Because the season for truly good, ripe peaches is short, I like to use frozen peaches for my pies. They taste as good as fresh and eliminate the labor of blanching, peeling and pitting the peaches. The author of my pie book, Ken Haedrich, states that the quality of frozen produce in the US is quite often superior to that of fresh due to the very short duration of time between harvesting and processing. Once you’ve got your crust made, it’s a pretty quick pie to pull together and guests at your picnic will be quite impressed.
Poet, Veronica Shoffstall stated, “Plant your own garden and decorate your own soul, instead of waiting for someone to bring your flowers.” I love this quote and it’s perfect for this post. Go forth and nurture your spirit. Love yourself.
This pie series has been a lot of work AND a lot of fun. It has allowed me to honor many special individuals in my life who have impacted me positively both as a child and an adult. Thank you for letting me share my stories and loved ones with you. The last 10 weeks has also given me the opportunity to practice making pie, one thing I’ve dreamed of mastering for quite a long time. If you’ve taken nothing else from my blog posts, know this..if you want to become good at something, practice. You’ll almost always get better at it.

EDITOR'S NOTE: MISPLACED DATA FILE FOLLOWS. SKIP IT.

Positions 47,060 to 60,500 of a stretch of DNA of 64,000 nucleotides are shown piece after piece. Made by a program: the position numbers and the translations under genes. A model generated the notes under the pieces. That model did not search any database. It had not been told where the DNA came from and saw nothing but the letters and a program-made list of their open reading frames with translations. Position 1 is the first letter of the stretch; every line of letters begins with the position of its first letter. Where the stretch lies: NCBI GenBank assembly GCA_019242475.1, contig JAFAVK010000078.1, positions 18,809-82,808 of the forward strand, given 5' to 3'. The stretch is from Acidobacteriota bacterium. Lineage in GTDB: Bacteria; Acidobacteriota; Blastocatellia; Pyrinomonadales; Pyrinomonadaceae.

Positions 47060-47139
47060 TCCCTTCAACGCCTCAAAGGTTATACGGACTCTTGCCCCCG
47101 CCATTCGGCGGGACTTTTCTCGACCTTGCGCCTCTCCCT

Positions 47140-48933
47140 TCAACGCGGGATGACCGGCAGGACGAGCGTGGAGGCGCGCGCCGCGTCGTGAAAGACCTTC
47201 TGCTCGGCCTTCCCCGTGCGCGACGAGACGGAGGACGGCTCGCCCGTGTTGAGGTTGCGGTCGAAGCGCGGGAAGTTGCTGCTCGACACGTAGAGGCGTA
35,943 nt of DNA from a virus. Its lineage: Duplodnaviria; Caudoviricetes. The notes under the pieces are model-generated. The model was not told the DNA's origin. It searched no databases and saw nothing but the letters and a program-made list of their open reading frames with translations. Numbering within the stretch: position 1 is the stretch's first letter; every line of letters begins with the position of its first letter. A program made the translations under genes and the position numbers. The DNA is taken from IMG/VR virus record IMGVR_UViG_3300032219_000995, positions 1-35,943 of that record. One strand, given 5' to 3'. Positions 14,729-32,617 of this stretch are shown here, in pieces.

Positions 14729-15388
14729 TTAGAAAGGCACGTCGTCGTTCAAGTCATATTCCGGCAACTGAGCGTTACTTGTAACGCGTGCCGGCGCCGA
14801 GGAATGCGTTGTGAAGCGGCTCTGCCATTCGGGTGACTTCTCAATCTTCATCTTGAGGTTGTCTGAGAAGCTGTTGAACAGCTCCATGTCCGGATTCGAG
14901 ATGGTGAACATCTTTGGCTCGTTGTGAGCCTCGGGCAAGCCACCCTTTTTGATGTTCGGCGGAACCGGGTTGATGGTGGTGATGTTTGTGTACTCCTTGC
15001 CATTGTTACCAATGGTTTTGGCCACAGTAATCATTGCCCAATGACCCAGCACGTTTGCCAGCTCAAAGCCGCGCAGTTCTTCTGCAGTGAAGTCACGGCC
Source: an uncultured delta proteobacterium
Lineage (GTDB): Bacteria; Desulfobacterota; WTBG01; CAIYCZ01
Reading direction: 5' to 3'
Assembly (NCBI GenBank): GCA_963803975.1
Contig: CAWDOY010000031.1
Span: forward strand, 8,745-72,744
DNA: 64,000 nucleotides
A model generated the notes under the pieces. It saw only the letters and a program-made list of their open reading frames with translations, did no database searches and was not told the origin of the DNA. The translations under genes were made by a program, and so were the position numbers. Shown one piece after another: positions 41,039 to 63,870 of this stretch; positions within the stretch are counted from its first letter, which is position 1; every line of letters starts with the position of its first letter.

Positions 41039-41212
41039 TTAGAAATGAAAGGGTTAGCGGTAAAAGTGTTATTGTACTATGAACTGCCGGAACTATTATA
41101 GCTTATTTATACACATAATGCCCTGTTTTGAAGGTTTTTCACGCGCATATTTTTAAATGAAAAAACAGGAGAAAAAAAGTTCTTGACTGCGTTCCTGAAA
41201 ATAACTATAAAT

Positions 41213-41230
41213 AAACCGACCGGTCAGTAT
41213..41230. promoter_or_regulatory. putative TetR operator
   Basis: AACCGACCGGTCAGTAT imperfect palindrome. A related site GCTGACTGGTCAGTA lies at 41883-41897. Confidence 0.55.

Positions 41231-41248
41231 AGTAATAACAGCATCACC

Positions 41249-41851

Lattice-Top All-Peach Pie Photography by Andrea Karapas
Lattice-Top All-Peach Pie Photograph by Andrea Karapas
Basic Flaky Pie Pastry
Ingredients for a double crust:
3 cups all-purpose flour
1 tablespoon sugar
1 teaspoon salt
1/2 cup (1 stick) cold unsalted butter, cut into 1/4-inch pieces
1/2 cup cold vegetable shortening, cut into pieces
1/2 cup cold water
Put the flour, sugar, and salt in the food processor. Pulse several times to mix. Scatter the butter over the dry ingredients and pulse the machine 5 or 6 times to cut in. Fluff the mixture with a fork, lifting it up from the bottom of the bowl. Scatter the shortening over the flour and pulse 5 or 6 times. Fluff the mixture again. Drizzle half of the water over the flour mixture and pulse 5 or 6 times. Fluff the mixture and sprinkle on the the remaining water. Pulse 5 or 6 times more, until the dough starts to form clumps. Overall, it will look like coarse crumbs. Dump the contents of the processor bowl into a large bowl. Test the pastry by squeezing some of it between your fingers. If it seems a little dry and not quite packable, drizzle a teaspoon or so of cold water over the pastry and work it with your fingertips.